Various Artists

Dance Blitz '97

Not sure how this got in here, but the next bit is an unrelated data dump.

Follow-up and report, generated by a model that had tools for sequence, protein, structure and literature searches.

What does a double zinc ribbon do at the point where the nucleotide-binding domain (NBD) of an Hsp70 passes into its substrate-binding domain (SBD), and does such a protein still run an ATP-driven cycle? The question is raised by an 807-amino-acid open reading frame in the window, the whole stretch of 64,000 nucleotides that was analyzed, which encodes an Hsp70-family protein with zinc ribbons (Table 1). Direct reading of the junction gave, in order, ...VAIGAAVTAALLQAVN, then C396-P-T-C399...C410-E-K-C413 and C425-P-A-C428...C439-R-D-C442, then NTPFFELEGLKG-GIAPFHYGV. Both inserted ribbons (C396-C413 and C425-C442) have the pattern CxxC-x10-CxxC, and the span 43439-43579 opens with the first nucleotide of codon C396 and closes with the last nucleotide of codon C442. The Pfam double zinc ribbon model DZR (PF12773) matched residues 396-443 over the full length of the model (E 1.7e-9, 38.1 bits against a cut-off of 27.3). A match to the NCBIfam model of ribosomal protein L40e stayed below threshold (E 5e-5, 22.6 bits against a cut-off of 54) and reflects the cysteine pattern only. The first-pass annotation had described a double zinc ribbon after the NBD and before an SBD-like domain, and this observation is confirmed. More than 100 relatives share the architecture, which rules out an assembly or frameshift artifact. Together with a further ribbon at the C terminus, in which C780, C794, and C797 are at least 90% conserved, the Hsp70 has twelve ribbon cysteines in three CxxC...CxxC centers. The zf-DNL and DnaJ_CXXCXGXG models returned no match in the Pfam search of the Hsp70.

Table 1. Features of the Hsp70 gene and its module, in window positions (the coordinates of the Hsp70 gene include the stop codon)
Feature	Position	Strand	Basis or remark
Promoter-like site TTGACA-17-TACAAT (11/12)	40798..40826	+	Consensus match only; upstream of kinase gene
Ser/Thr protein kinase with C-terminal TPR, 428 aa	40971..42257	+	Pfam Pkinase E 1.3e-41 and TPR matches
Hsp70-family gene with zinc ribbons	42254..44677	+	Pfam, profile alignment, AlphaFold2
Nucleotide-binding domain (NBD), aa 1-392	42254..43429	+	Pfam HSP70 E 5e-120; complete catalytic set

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In the 1990s, there were so many different styles of dance music that anyone who wasn't a real club hound could easily feel confused and intimidated. The dance music of the 1990s ran the gamut, ranging from melodic to not so melodic. From a pop standpoint, a lot of the deep house, Latin freestyle, and hi-NRG that came out in the 1990s was quite accessible -- anyone who appreciates late-1970s disco can get into those styles. But underground rave music is another matter; the techno, acid house, trance, ambient, jungle, drum 'n' bass, tribal, or electronica you might have heard at a 1990s rave didn't necessarily have an actual song structure. A lot of times, you were simply dealing with a track and some scattered samples. So, in a nutshell, a label that assembled a dance compilation could either go the underground route or the pop-disco route. Released in 1997, this two-CD compilation usually favors the latter. Most of the material won't intimate pop audiences; if you like your dance-pop melodic and accessible, you shouldn't have a problem getting into Gale Robinson's "I Feel Love," Ixiomara's "ABC of Love," Feel Good's "I Really Love You," or Iesha's "Easy Love." And Cold Front/K-Tel certainly has its pop bases covered by including Los Chicos' version of "Macarena" and Too Loud's remake of the Rolling Stones' "Miss You." But while underground rave music isn't dominant, it isn't excluded either. Frogman's goofy "Big Frogs" and Dance Floor's "Ya You Know House" (an example of acid house) are two of the sets more radical offerings -- neither have a real song structure and both are rave-friendly. So Dance Blitz '97 gets high marks its diversity and its lack of predictability; if this were a jazz release, you would be getting hard bop and cool jazz as the main course but avant-garde jazz as a side dish. Those who are looking for a 1990s dance compilation that is generally melodic but occasionally radical and left of center would do well to investigate Dance Blitz '97.

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